1) Image Quality and Flexibility: CCD scanning technology produces quality scans for virtually any type of document that will fit through a roll fed scanner. Whether your originals are hand drawn engineering drawings, B&W photos, or maps, CCD scanning technology will capture 16-bit grayscale (64,000 shades of grey) using a dedicated panchromatic monochrome channel for a much sharper clearer image. CIS scanners deliver only 8-bit grayscale (256 shades) and green capture only and have restrictions in some document classes like full bleed graphics and copying to 8 and 12 color printers. If you need to run GIS maps, blueprints with stiff edges, newspaper, delicate documents or mylars a Contex CCD scanner is highly recommended over CIS technology.
2) Productivity: CCD scanners (Contex only) scan with originals face down. Some might argue that face up scanning allows for better quality control but assuming sheets only take 3 to 4 seconds to scan, quality control is better performed at the software level using Line of Sight Scanning techniques like the National /AZON Zero Turn system. CIS scanners and most non-Contex brand CCD scanners employ face up scanning which requires operators to “double handle” every document to keep them in their original order. Face down scanning allows for true scan and drop capability which offers the most efficient way to handle documents. In addition to face down scanning, CCD scanning software, coupled with the latest developments in media sensing technology, reads the input media size much faster and more accurately, reducing post scan error correction.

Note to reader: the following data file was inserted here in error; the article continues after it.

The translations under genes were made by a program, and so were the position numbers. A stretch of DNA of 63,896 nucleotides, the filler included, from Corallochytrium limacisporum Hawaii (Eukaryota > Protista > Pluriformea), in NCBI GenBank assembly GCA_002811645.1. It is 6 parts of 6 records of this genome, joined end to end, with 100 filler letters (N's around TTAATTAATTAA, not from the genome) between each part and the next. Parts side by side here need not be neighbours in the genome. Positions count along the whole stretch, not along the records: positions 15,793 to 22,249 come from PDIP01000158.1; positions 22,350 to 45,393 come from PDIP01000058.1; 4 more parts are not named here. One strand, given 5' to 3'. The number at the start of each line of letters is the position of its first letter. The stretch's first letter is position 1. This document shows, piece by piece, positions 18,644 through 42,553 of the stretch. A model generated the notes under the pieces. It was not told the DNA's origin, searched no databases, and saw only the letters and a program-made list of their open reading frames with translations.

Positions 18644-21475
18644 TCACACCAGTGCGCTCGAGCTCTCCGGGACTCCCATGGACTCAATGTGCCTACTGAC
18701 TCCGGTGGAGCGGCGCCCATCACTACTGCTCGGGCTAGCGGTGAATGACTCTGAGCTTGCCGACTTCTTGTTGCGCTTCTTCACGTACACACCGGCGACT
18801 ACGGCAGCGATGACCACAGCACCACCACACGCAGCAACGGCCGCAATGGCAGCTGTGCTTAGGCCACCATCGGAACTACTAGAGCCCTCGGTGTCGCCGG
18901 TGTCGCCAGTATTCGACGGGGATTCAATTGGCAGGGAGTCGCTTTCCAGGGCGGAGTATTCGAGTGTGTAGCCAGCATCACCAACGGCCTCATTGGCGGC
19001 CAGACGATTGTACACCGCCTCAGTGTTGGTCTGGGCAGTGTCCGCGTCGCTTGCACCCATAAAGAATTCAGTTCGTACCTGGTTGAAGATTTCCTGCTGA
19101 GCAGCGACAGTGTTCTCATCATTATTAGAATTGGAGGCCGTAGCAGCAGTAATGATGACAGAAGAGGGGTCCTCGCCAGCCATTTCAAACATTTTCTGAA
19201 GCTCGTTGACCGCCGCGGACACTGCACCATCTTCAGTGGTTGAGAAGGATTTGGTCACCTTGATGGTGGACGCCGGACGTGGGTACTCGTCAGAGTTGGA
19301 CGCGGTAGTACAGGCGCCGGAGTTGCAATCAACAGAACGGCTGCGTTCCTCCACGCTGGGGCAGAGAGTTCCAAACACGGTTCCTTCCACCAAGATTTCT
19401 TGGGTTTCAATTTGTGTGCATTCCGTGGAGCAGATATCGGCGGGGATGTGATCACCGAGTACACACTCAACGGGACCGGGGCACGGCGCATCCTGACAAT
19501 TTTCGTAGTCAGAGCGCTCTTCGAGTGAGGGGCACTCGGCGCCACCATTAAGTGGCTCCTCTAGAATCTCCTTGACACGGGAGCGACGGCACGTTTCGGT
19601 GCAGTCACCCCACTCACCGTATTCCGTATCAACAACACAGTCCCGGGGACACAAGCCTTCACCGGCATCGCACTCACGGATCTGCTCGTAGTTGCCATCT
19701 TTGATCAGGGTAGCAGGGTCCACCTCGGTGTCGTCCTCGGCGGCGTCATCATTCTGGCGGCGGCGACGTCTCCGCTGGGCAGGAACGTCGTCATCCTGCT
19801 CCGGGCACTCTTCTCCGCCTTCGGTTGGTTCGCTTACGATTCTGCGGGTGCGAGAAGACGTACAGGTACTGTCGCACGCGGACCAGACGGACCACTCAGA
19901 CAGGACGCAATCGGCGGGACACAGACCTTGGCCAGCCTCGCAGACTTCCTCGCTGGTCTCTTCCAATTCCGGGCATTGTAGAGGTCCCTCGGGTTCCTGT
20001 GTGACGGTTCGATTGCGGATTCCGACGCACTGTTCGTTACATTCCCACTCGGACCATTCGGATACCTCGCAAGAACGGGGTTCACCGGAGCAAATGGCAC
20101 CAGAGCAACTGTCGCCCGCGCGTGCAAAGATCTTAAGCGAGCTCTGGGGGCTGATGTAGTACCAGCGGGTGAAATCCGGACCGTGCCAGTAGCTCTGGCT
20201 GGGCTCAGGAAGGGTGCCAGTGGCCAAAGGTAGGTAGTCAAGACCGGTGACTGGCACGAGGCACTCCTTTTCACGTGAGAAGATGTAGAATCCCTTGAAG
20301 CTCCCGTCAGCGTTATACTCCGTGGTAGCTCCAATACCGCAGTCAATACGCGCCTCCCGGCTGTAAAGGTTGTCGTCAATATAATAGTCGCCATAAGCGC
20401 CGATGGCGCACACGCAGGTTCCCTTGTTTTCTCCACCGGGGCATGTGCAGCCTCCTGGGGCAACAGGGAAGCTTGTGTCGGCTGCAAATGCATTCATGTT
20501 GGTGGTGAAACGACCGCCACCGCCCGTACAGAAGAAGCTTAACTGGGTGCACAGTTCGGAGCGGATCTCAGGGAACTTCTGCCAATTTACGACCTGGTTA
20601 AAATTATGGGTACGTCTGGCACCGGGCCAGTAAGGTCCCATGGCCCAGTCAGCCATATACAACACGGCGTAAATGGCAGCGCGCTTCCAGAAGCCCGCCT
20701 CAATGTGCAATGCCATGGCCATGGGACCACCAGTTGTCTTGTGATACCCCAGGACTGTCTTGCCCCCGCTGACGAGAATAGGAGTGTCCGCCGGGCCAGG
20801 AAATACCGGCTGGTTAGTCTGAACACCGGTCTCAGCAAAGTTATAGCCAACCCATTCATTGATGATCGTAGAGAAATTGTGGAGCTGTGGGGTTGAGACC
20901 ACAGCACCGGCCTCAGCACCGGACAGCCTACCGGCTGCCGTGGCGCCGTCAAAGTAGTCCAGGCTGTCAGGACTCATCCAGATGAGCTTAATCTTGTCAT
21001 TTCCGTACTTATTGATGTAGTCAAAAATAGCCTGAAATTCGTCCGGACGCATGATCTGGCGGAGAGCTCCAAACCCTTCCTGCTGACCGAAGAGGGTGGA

File transfer is another serious productivity feature in Contex CCD scanners. The enhanced utilization of USB 3.0 for file transfer guarantees a much higher degree of productivity as operators will experience virtually zero wait time for file transfer between images. Side by side productivity tests generate a minimum of a 2 to 1 speed increase for CCD vs. CIS scanning.